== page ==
Just a thought

Dear well-intentioned educators who failed to think the idea through to its fullest ramifications,

With Chinese New Year just five days away, now is not the time to bring massive hordes of disinterested istudents on a putative educational fieldtrip to the heart of Chinatown. Even during the day, Chinatown is quite well-jammed with people who actually live and work in the neighbourhood, not to mention all those who took the day off to complete their holiday shopping. Witness the line of at least fifty people waiting in line for Lim Chee Guan bak kwa (pork or beef jerky) at approximately 2:30 pm today, winding far down the sidewalk and around the corner of other stalls.

And those are people who are actually going to spend lots and lots of money (given the current "festive" prices) at these shops. Your students, on the other hand, are just happy to have the afternoon off school, eager to run willy-nilly through the crowds and makeshift stalls --- as evinced by the number of times I saw teachers and chaperones yell after an errant student in school uniform or yank them back towards the group. Your students will ooh and aah over the many multicoloured muah chee/mochi flavours, but does anyone of them wield the spending power of an impatient woman who has to stock up to feed up to one hundred guests over the New Year? I think not. And the students are getting in the way of the people with the money, while they're at it, which can't make the stallholders very happy.

Zhangde Primary, Canberra Secondary and a special school (I couldn't identify the uniform)--- I am delighted that you think your students ought to see what the real world is like. I think there's plenty to show and teach our children in Chinatown. I would respectfully suggest, however, that a fieldtrip during the current Chinese New Year madness merely teaches our children that one must worship at the altar of the consumer god in order to appreciate one's heritage.

Come back after the commercial insanity's packed up for the year. Show them what the streets are like the rest of the year, and why that still makes it Chinatown, despite every street corner not being garlanded in red and gold anymore. Peel back the layers of monetary gratification for them and show them what history and real heritage lies there. Before May, take them on a quiet afternoon through the rabbit warren of People's Park Centre (slated to be "upgraded" this year, so all the old stallholders have to move out by May --- and we know what usually happens then) and don't let their kneejerk reactions about it being dirty put you off.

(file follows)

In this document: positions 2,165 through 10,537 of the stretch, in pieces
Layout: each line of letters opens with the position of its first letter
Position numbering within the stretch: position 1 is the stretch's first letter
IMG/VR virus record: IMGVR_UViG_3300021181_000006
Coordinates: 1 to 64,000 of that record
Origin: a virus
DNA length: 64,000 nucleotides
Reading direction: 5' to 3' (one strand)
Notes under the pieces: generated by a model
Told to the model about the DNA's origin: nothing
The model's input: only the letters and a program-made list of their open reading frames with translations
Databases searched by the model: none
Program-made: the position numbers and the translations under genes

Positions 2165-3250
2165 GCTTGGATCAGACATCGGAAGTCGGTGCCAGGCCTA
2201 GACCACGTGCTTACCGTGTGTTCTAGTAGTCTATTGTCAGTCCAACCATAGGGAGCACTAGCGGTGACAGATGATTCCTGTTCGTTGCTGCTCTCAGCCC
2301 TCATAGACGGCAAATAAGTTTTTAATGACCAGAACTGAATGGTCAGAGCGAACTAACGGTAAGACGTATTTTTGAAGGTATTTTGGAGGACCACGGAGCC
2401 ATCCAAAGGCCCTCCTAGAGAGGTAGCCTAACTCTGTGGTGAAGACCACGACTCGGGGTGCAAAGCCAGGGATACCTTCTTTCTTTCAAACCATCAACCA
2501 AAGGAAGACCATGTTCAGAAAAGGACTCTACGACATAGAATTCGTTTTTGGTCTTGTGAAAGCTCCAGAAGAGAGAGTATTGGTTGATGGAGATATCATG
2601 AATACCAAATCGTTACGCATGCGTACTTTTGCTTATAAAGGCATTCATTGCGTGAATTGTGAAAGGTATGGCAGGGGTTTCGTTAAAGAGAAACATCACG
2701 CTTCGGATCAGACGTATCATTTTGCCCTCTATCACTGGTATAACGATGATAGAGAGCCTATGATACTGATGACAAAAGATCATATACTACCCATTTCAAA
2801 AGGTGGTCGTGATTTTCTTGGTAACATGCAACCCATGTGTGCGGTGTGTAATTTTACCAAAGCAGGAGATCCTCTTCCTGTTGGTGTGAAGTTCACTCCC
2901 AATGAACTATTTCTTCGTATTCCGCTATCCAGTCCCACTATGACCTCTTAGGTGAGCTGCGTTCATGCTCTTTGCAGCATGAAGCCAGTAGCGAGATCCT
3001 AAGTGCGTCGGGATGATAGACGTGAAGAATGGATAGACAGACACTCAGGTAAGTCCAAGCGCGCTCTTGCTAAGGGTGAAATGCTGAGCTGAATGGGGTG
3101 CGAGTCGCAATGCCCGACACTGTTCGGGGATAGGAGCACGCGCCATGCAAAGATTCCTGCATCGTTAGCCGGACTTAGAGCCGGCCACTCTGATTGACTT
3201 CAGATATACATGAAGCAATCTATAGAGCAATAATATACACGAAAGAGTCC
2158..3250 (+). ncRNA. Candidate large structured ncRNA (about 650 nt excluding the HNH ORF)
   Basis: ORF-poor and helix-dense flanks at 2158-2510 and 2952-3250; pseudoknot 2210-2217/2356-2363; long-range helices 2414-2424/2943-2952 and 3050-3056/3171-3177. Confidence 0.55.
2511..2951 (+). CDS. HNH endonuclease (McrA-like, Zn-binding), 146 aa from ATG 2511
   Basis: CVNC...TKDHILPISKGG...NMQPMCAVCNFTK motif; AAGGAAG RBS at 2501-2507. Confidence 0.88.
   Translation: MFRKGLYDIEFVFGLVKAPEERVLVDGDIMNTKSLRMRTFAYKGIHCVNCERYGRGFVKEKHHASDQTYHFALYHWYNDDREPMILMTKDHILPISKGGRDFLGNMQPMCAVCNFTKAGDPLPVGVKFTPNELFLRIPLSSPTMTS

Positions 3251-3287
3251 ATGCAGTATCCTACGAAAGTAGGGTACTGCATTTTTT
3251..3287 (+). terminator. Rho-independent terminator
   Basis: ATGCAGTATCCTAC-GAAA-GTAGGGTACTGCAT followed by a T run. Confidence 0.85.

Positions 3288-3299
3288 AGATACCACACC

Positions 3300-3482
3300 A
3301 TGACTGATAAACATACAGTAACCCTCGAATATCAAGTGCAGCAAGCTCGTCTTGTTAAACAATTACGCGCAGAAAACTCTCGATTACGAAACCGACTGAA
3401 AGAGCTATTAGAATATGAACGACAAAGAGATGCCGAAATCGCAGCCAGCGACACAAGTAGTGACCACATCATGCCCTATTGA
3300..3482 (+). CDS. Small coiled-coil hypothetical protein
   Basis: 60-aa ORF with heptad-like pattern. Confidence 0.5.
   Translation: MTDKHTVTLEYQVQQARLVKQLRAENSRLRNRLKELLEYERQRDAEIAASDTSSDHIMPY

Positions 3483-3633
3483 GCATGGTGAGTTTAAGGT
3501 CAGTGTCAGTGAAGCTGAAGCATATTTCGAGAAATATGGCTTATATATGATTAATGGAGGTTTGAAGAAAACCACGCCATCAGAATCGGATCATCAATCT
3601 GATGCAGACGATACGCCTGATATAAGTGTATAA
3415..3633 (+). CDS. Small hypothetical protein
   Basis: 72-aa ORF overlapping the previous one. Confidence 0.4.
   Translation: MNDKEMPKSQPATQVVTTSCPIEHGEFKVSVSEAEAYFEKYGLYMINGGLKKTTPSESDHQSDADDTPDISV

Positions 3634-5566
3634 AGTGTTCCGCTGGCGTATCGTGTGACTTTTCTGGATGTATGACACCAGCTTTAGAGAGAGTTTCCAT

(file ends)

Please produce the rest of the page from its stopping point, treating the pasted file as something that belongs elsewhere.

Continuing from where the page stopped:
Just do it all after the Chinese New Year. Thank you.


PS: Gongxi facai!

PPS: What's with maids accompanying primary school student groups on fieldtrips these days?


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At 1/24/2006 8:19 am , Anonymous Anonymous said...

bringing students out on LJs near festivities, the goods and decorations become distractions when the real focus should be the normality an everyday Chinatown is like.

the real Chinatown? the hawkers, the workers, the shopowners, the old folks who seek to play chess under the ill-designed square.

ah well, we hope educators learn not to conduct excursions just so ;-)

At 1/24/2006 7:04 pm , Blogger NARDAC said...

Happy Chinese New Year to you too!

I celebrated by forgetting, then throwing up into my potted plant. Hmmmm, food and wine are my friends.

At 1/25/2006 1:55 am , Blogger kungfuzi said...

Uninterested, not disinterested. Tsk tsk! :P

At 1/25/2006 6:13 am , Blogger limegreenspyda said...

whose idea is it, anyway, for "field" trips to chinatown 3 days before d-day?

perhaps it's the teachers' idea of a day off from lesson-planning?

i'd blame those who give the green light for such an excursion, i suppose.

At 1/25/2006 10:55 am , Blogger Tym said...

Nardac > Chinese New Year's not till Sunday, so there's still plenty of time for food and wine!

CWK > "Disinterested" can also mean "uninterested".


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